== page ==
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Matthew Henry

Matthew Henry's Complete Commentary - Exodus 6:14-30

I. We have here a genealogy, not an endless one, such as the apostle condemns (1 Tim. 1:4), for it ends in those two great patriots Moses and Aaron, and comes in here to show that they were Israelites, bone of their bone and flesh of their flesh whom they were sent to deliver, raised up unto them of their brethren, as Christ also should be, who was to be the prophet and priest, the Redeemer and lawgiver, of the people of Israel, and whose genealogy also, like this, was to be carefully... read more

John Gill

John Gills Exposition of the Bible Commentary - Exodus 6:14

These be the heads of their father's houses ,.... Not of the families of Moses and Aaron, but of the children of Israel, though only the heads of three tribes are mentioned; and some think that these three are taken notice of, to show that they were not rejected of God, though they seem to be rather cursed than blessed by Jacob; and that though they were guilty of very great crimes, as Reuben of incest, and Simeon and Levi of murder, yet they truly repented, and obtained mercy of God, and... read more

Adam Clarke

Adam Clarke's Commentary on the Bible - Exodus 6:14

These be the heads - ראשי rashey , the chiefs or captains. The following genealogy was simply intended to show that Moses and Aaron came in a direct line from Abraham, and to ascertain the time of Israel's deliverance. The whole account from Exodus 6:14-26 ; inclusive, is a sort of parenthesis, and does not belong to the narration; and what follows from Exodus 6:28 ; is a recapitulation of what was spoken in the preceding chapters. read more

John Calvin

John Calvin's Commentary on the Bible - Exodus 6:14

Verse 14 14.These be the heads. The object of Moses here is to testify to all ages the origin of his race, that none may doubt that, in the free departure of the people, the promise given to Abraham was completed. For if the Israelites had gone forth under any other leader, there might have been some question as to the chief author of it; now, since Moses was chosen from that family, and from the posterity of Abraham, it more dearly appears that the whole matter was effected under the guidance... read more

Spence, H. D. M., etc.

The Pulpit Commentary - Exodus 6:9-30

Shaken faith, and an unshaken purpose. In these verses we have— I. A PAINFUL RESULT OF AFFLICTIVE PROVIDENCE . The children of Israel, hard-driven by their taskmasters, and sunk in misery, were so stupefied with sorrow, as to have no longer any heart for their cheering tidings brought to them by Moses. Their despair had its ground in unbelief. They judged Moses a deceiver. They had trusted him before, and they reflected that the only outcome of it had been this... read more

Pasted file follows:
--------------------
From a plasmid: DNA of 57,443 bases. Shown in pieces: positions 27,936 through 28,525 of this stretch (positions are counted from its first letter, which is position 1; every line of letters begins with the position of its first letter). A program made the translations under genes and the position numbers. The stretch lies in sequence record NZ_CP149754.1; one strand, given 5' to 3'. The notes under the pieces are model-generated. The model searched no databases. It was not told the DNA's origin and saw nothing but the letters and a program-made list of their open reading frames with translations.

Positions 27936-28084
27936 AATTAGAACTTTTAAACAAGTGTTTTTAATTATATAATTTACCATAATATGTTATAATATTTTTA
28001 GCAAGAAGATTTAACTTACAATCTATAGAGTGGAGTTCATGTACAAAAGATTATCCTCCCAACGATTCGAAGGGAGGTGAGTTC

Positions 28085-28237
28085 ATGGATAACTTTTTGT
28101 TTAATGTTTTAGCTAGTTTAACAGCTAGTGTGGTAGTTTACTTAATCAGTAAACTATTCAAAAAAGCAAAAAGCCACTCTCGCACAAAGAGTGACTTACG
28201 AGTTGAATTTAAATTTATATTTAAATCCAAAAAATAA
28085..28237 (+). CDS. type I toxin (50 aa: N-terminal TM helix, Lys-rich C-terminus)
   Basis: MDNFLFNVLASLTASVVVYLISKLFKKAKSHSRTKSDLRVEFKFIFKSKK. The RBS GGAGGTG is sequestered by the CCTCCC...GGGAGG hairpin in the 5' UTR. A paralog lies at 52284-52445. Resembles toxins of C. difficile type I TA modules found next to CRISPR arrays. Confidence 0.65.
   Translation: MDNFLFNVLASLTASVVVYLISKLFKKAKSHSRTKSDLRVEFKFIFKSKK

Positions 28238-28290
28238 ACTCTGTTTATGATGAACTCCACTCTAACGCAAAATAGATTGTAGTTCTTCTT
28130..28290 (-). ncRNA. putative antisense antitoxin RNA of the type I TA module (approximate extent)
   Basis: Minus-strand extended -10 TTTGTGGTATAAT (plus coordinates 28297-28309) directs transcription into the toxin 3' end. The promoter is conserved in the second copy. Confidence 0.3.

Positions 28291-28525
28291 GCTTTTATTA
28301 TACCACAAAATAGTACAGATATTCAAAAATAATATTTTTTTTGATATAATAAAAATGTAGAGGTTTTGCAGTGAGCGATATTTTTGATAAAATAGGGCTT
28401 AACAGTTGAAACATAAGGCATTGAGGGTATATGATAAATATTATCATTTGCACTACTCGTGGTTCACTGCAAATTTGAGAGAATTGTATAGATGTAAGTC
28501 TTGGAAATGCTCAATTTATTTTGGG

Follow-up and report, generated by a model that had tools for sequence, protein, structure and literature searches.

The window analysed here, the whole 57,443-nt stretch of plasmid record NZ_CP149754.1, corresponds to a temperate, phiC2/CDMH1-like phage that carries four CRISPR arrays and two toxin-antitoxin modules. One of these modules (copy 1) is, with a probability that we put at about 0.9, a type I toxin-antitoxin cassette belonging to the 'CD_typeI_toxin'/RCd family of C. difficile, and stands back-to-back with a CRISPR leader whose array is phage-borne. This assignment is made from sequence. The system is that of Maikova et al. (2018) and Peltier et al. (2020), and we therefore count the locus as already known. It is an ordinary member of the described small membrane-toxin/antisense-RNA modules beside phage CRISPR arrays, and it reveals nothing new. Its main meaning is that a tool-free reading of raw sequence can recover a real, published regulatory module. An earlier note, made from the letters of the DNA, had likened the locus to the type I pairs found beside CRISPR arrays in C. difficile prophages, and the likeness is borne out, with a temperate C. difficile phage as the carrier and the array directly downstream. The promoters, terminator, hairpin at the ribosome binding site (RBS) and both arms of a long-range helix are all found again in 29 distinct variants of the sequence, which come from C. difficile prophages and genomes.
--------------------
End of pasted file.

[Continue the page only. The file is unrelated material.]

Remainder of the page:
Spence, H. D. M., etc.

The Pulpit Commentary - Exodus 6:13-27

At this point the narrative is interrupted The author, or the final compiler—perhaps Joshua—thought it desirable to insert here a genealogical section, taking up the fatuity history of Israel from the point at which it was left in Exodus 1:5 , where the sons of Jacob were enumerated. The whole political system of Israel was based upon the tribal relation; and it was of the last importance, politically, to hand down the divisions and subdivisions of families. The lists here given,... read more

Spence, H. D. M., etc.

The Pulpit Commentary - Exodus 6:13-27

The historical character of real revelation. Among the religions of the world which are based on the contents of a written volume, none has such an historical character as the religion of Christians. Most nations have evolved their religion out of their internal consciousness, and have then, after a certain lapse of time, thrown into a narrative form the supposed revelations made to this or that individual secretly, and by him committed to writing. These revelations—to give them the... read more

Spence, H. D. M., etc.

The Pulpit Commentary - Exodus 6:14

These be the heads of their fathers' houses . By "fathers' houses" are meant families (see 1 Chronicles 4:38 ; 1 Chronicles 5:13 ; 1 Chronicles 7:40 ; 1 Chronicles 9:9 , etc.); and "the heads of fathers' houses" are simply the acknowledged chiefs and founders of families. The main families of the tribe of Reuben were those of Hanoch, Pallu, Hezron, and Carrel, actual sons of the patriarch (See Genesis 46:9 ; and compare 1 Chronicles 5:3 .) read more

Spence, H. D. M., etc.

The Pulpit Commentary - Exodus 6:14

The genealogy of Moses and Aaron. Beside its direct interest as setting in an exact light the descent and relationship of the two principal figures in the succeeding history—Moses, the Lawgiver of Israel, and Aaron, the head of the priesthood—this genealogical register presents us with several points deserving of attention. We are taught by it— I. TO RECOGNISE THE DIVINE SOVEREIGNTY IS THE SELECTION OF ITS INSTRUMENTS . 1 . The men selected—Moses and Aaron (... read more

Albert Barnes

Albert Barnes' Notes on the Whole Bible - Exodus 6:14

These be the heads - We have in the following verses, not a complete genealogy, but a summary account of the family of the two brothers. Moses records for the satisfaction of Hebrew readers, to whom genealogical questions were always interesting, the descent and position of the designated leaders of the nation. See Exodus 6:26-27. read more

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